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Llanelli Resident Victimized with E-Mail Scam

A Llanelli (Carmarthenshire) man John Wynne Hopkins, aged 56, is another individual who got victimized with an e-mail scam. Thisissouthwales.co.uk published this during November 2011.

Reportedly, phone calls started to pour in for Hopkins from anxious relatives and friends when they got messages in their mailboxes stating that robbers had attacked him.

The e-mail, which reached everyone on his address book, urged readers to wire cash so he may clear his hotel expenses.

It was only when a friend from the army whom Hopkins knew since long called him and asked about his well-being that he came to know about the scam.

Meanwhile, after answering the electronic mail, while providing his account particulars, that Hopkins assumed the Internet Provider, BT, which he used, sent him that he realized he had become a victim of an e-mail scam.

And once Hopkins replied, an e-mail got dispatched from his account to each and every person on his contact list requesting to answer so that they can be told as to where they should dispatch the money. One more electronic mail was subsequently dispatched carrying details about everything that Hopkins perceives is a bank account in Spain.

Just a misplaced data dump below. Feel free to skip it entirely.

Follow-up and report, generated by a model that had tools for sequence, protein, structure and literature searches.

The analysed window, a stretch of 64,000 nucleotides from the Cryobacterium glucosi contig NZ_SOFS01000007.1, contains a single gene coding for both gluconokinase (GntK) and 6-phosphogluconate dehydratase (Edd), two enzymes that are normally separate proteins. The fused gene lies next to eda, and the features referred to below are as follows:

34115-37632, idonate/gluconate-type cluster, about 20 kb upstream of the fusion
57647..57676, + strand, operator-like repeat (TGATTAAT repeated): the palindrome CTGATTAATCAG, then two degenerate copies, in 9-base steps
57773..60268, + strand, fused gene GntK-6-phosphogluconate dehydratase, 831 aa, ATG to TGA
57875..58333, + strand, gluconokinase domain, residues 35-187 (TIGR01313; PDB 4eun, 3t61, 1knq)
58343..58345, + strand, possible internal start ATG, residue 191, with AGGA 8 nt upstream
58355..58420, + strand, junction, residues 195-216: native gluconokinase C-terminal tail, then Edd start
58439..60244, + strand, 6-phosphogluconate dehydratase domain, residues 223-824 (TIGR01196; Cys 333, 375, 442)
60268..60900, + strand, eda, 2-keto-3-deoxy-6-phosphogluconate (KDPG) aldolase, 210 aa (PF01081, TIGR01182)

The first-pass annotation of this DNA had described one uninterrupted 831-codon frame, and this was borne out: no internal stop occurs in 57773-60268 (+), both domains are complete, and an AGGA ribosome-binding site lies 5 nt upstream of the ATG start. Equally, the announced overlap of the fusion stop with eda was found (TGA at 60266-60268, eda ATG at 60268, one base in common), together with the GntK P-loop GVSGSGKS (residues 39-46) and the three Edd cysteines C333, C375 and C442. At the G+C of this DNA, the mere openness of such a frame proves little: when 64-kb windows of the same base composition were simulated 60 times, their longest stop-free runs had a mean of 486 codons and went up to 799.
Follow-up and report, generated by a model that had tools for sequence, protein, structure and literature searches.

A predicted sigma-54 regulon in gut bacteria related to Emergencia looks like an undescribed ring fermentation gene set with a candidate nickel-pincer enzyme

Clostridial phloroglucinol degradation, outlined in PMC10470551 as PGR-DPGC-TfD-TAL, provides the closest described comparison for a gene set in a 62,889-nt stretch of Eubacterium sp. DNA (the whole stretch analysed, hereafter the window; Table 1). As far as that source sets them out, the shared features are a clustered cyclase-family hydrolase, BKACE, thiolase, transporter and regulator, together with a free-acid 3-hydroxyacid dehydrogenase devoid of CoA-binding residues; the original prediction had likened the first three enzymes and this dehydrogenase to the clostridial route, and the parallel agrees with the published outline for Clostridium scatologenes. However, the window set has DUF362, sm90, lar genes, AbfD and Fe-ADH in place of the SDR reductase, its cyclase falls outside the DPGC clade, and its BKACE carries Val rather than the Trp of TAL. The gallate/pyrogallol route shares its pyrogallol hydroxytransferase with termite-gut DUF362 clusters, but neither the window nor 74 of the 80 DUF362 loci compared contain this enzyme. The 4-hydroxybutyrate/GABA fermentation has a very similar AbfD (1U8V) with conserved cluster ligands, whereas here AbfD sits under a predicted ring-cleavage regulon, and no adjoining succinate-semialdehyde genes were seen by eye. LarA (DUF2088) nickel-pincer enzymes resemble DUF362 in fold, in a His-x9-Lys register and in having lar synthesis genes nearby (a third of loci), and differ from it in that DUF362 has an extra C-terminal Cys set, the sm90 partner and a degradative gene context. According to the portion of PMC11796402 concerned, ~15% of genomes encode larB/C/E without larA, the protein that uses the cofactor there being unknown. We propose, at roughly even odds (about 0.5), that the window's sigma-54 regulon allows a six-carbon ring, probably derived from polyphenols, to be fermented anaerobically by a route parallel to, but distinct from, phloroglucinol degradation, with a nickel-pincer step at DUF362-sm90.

Disturbingly according to security specialists, Hopkins was hit with the "stranded traveler's scam," one more version of the Advance Fee Fraud or the Nigerian scam.

The specialists elaborate that the scam characteristically starts after the perpetrators compromise someone's electronic mail account and then dispatch e-mails to everybody on that accountholder's address book. These e-mails assert that robbers suddenly attacked the accountholder who was traveling abroad just as Spain in Hopkins' case due to which he lost his cash, identifying credentials and luggage. Thereafter, the e-mails urge the recipient for sending the money through wire-transfer so the accountholder can clear the hotel bills as also buy the return ticket like in Hopkins's case.

Thus according to security specialists, users mustn't get ensnared with the scammers' ploy and answer such e-mails, as these are crafted simply to make the recipients worry regarding their friend's condition and thereby send the money prior to making sure the plea is real.

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